Monthly Archives: November 2014


power station3The world must cut CO2 emissions to zero by 2070 at the latest to keep global warming below dangerous levels and prevent a global catastrophe, the UN has again warned. By 2100, all greenhouse gas emissions – including methane, nitrous oxide and ozone, as well as CO2 – must fall to zero, the United Nationals Environment Programme (Unep) report says, or the world will face what Intergovernmental Panel on Climate Change scientists have described as “severe, widespread and irreversible” effects from climate change.

Britain will face a disaster if it adopts an “isolationist approach” to the environment, the energy secretary, Ed Davey, has warned as he announced the UK is to give £720m to an international fund to help poor countries cope with climate change. In remarks aimed at rightwing Tories and Ukip supporters, as voters go to the polls in the Rochester and Strood byelection, Davey said a “little Englander approach” would be self defeating as climate change does not recognise borders. Davey was speaking to the Guardian on the eve of an announcement that Britain is to donate more than France and Germany to the UN’s Green Climate Fund which has a target of $10bn (£8bn) with the UK contributing up to 12%. Nearly three-quarters of Britons want to see international leaders agree a deal to tackle climate change ahead of the Paris 2015 conference. The Populous poll of 2000 people also revealed that the demand for action is immediate, with only 20% saying action can ‘wait a few years’. Likewise 72% said they are aware of the benefits of tackling climate change.

edison-LED.jpg.650x0_q85_crop-smartAustralian lighting company Edison Light Globes has introduced a line of LED bulbs that look like an old-fashioned Edison incandescent, burning 5 watts instead of 45. whilst at 375 lumens these are decorative rather than effective light sources, they have a color rendition index of a high 94.9. The shaped glass is exactly like a traditional standard round and fits regular light fittings with good representation of colors. Therefore the bulb is fantastic for atmospheric lighting, in a multi-bulb pendant light, as well as discreet lighting.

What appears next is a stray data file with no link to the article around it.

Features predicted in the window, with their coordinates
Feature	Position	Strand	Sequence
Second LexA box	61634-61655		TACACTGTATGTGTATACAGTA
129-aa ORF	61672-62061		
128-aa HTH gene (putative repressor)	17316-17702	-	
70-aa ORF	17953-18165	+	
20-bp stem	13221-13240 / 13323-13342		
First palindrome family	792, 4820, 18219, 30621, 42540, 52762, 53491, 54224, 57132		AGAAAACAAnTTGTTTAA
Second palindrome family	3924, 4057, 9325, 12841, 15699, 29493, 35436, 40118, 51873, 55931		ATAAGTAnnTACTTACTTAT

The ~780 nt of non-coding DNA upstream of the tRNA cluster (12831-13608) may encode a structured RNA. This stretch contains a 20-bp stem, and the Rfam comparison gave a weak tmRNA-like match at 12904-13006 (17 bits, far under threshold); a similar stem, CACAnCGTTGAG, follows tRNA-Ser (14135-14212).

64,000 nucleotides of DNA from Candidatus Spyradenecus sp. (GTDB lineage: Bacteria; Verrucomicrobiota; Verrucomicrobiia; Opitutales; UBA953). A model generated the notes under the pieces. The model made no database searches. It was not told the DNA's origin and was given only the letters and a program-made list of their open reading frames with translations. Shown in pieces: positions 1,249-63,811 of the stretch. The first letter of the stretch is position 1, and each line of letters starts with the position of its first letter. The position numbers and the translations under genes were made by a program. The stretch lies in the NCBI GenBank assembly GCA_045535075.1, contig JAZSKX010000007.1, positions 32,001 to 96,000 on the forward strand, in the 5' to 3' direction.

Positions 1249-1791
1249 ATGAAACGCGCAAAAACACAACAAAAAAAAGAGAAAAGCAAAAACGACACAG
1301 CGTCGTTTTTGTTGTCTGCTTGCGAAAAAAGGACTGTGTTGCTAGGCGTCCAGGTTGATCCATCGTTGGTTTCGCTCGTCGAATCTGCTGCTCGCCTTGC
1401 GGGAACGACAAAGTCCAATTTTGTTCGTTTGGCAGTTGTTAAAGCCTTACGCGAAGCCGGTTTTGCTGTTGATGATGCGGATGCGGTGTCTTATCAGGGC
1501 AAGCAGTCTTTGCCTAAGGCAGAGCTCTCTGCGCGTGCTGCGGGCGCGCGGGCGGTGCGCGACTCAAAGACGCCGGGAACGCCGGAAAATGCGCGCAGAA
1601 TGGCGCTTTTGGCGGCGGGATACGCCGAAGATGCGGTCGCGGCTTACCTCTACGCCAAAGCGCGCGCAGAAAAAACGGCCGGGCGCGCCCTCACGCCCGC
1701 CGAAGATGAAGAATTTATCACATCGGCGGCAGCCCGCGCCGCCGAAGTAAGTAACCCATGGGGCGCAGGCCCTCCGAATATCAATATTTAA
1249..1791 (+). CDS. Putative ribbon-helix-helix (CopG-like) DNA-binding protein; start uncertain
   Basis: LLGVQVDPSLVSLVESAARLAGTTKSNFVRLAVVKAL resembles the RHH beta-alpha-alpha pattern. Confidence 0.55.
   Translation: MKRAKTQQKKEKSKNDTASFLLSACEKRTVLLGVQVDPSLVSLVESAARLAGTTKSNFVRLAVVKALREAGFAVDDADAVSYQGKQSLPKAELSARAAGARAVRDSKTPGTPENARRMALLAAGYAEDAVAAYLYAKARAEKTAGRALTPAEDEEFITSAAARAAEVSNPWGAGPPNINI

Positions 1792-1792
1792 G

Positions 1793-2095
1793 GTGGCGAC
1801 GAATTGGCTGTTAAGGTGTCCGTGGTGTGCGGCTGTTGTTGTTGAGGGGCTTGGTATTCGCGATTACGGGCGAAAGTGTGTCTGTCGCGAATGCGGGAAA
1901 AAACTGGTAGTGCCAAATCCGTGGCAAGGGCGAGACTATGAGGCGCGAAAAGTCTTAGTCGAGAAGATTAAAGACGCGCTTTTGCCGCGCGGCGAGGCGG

A “historic” deal to cut Europe’s throwaway plastic bag culture is expected to be approved, which would cut the number of bags Europeans use each year by more than three quarters in just over a decade’s time. After fractious negotiations that pitted the UK against most of the EU, the European commission has agreed to accept a compromise which should see the new regulation sent to MEPs on Friday for a rubber-stamping vote in Strasbourg early next week. Under the new proposal, EU states can opt for mandatory pricing of bags by 2019, or binding targets to reduce the number of plastic bags used annually per person from 191 now to 90 by 2019 and 40 in 2025. Measures such as bag taxes could also be considered as equivalent.

SumatraRhinoHornbill (1)The Times reports (22.11.14) that US oil and gas company Camac Energy has abandoned plans to cause widespread environmental damage in the Arabuko Sokoke coastal forest in Kenya in a mission to find fossil fuels. The forest is home to rare wildlife including forest elephants – three endangered mammals and six endangered bird species including the Sokoke Scops Owl. It is a UNESCO biodiversity  hotspot. The seismic survey would have involved laying charges every 60m to send shockwaves 4km underground. The Times says that an impact survey for the seismic survey , written by Earthview Consultants, was now doubted as ‘large tracts of text appear to have been copied from the internet’ and it contained important factual inaccuracies. Kenya’s National Environmental Management Agency, which issued Camac’s licence and Earthview declined to comment to the Times.